Four highway intersections to feature roundabouts
Alberta Transportation is working on plans to transform four major highway intersections in Rocky View County into roundabouts.
The interchanges at the junctions of highways 2 and 72 north of Airdrie and highways 22 and 567 north of Cochrane are expected to each be changed from their current “partial cloverleaf” (parclo) configuration. The intersections of Highway 22 at both White Ave. (Highway 758) and Balsam Ave. in Bragg Creek will be changed from having stop signs on either side of the highway.
Council was informed the Bragg Creek upgrades will increase safety at the confusing intersections, while the remaining roundabouts will serve to accommodate increasing commuter traffic volumes.
Susan Biddle of Eagle Engineering told council the proposed widening of Highway 2 from four lanes to six will include the construction of two traffic circles at the interchange with Highway 72, which provides access to Crossfield to the west and Beiseker to the east.
Biddle said the radius of the current exit ramp loops is too small and would be further reduced by the highway widening. She said installing roundabouts would allow for easier movement of the high volume of traffic at the interchange on a daily basis.
“There are a lot of conflict points with the current configuration. You have people passing under the bridge to get onto the loop and people coming off the other loop behind those people at the same time, with accelerating, decelerating and weaving. That creates problems,” said Biddle. “A roundabout would be more efficient and more effective for moving traffic.”
Biddle noted the interchange of highways 22 and 8 west of Calgary features a similar roundabout, which is operating well. Deputy Reeve Margaret Bahcheli recognized the intersection does work well, but doubted if it makes sense for Highway 2 and 72.
“A traffic circle is not intuitively accommodating to pointing your car in one direction and getting to where you want to go. It can’t be easy to deal with when you first drive up to it,” said Bahcheli. “For the human brain, I’m not sure it’s going to mesh well. It’s guaranteed to keep the elderly off the roads.”
Councillor Lois Habberfield said roundabouts are a safer alternative, allowing drivers to watch for oncoming traffic from one direction instead of three.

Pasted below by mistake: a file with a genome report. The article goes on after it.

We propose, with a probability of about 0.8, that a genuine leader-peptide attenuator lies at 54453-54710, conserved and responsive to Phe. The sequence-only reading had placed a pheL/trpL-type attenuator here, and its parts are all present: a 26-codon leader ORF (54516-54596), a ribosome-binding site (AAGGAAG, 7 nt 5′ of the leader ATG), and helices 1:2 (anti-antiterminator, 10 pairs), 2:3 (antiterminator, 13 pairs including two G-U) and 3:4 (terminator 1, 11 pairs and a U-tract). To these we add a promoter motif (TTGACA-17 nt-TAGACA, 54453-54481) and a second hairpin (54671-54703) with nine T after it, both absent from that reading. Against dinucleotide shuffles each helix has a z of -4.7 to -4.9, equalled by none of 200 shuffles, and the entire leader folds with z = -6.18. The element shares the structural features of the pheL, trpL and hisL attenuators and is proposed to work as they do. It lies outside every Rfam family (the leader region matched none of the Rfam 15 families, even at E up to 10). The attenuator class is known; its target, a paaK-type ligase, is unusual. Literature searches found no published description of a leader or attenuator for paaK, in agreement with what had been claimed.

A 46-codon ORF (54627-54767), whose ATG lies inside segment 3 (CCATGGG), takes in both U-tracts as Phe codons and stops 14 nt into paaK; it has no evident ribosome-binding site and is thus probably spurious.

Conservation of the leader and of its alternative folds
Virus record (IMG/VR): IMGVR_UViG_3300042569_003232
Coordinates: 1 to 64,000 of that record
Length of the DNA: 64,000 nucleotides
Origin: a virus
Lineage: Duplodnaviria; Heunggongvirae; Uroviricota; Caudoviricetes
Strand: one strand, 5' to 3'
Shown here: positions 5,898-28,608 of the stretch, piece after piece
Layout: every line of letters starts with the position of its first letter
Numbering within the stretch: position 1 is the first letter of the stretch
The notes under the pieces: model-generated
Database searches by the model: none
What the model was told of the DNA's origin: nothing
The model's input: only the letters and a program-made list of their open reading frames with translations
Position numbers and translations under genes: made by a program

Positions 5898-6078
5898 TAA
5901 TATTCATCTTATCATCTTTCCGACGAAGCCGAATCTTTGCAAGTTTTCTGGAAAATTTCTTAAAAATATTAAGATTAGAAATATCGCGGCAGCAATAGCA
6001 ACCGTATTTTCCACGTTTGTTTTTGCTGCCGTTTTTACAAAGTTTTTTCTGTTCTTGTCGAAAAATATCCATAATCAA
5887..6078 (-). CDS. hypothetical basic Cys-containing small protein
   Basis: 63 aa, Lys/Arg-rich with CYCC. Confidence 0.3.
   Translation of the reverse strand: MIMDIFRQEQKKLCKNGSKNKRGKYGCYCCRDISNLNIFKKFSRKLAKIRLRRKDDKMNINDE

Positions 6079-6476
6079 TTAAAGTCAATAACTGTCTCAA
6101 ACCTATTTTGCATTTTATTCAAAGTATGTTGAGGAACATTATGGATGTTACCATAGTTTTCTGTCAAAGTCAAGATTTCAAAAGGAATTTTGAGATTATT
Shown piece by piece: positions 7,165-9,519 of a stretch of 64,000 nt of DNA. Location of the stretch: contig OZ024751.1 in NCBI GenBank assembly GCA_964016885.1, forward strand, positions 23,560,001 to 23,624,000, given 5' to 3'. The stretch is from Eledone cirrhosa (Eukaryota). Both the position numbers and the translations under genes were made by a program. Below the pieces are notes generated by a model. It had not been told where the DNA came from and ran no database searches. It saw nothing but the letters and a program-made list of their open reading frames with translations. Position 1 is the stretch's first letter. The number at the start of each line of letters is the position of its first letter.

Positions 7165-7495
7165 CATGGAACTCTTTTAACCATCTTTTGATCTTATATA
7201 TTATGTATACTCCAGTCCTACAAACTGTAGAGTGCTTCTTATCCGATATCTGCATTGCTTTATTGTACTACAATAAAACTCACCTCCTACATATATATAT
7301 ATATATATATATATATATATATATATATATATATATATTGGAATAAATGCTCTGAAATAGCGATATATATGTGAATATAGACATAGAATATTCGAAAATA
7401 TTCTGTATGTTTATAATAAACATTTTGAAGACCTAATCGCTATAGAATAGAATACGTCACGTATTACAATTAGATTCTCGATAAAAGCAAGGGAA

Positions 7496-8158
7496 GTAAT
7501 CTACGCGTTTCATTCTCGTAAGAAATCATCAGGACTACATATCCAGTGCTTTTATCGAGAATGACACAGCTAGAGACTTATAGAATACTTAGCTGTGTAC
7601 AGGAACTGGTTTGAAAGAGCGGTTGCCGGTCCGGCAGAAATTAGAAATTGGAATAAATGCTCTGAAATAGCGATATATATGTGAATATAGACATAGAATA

“I think it will work really well in this location because these are regular users who know what they’re doing,” said Habberfield.
Biddle said the project is not slated within the next three years, but may be included in Alberta Transportation’s next three-year budget.
Biddle told Council the existing intersections of Highway 22 with White Ave. and Balsam Ave. have poor visibility, causing inefficient traffic flow for the high number of motorists who use them.
“It is a very confusing intersection for determining who has the right-of-way,” said Biddle. “Compounding the problem is the fact that it’s a high-use trucking area, highly used by cyclists, and a popular commercial area with a coffee shop and other businesses. It is literally an accident waiting to happen.”
She said design solutions are challenging and limited as the east side of Highway 22 is at the edge of Tsuu T’ina Nation lands, the west side is comprised of tight parking areas, and there is only 30 metres of road between the two intersections.
“Therefore, we have come up with five alternative solutions to improve the flow of traffic for Highway 22, safety for pedestrians, cyclists and drivers, and access into the community,” she said. “Any of them will work well and will be better than what is there now.”
The first alternative would see a large oval-shaped roundabout installed across the two intersections, while the remaining options feature either one or two traffic circles with stop signs and restricted turning lanes.
Biddle said Eagle Engineering will gather feedback from stakeholders and the public before choosing the best option and presenting a final report to Alberta Transportation this fall.
“This is brilliant, because the situation is complete chaos,” said Councillor Liz Breakey. “There are going to be significant collisions if this is not addressed.”
Darryl Schalk of Associated Engineering told council a review of the intersection of highways 22 and 567 north of Cochrane indicated a two-lane roundabout would be preferable to the existing two-way stop control, as traffic volumes continue to increase.
“This will provide a better level of service and handle traffic for an extended period of time,” said Schalk.
He said although a feasibility study has been completed, the project is still in its initial phases and there has yet to be public consultation.
“If Alberta Transportation were to take this to the next step, then certainly there would be landowner consultation,” he said. “The public can be involved more as the project develops.”
Councillor Paul McLean said he would like to see the project move forward.
“We’ve seen quite a few accidents in this area, so I would encourage it to be done when it’s feasible,” he said.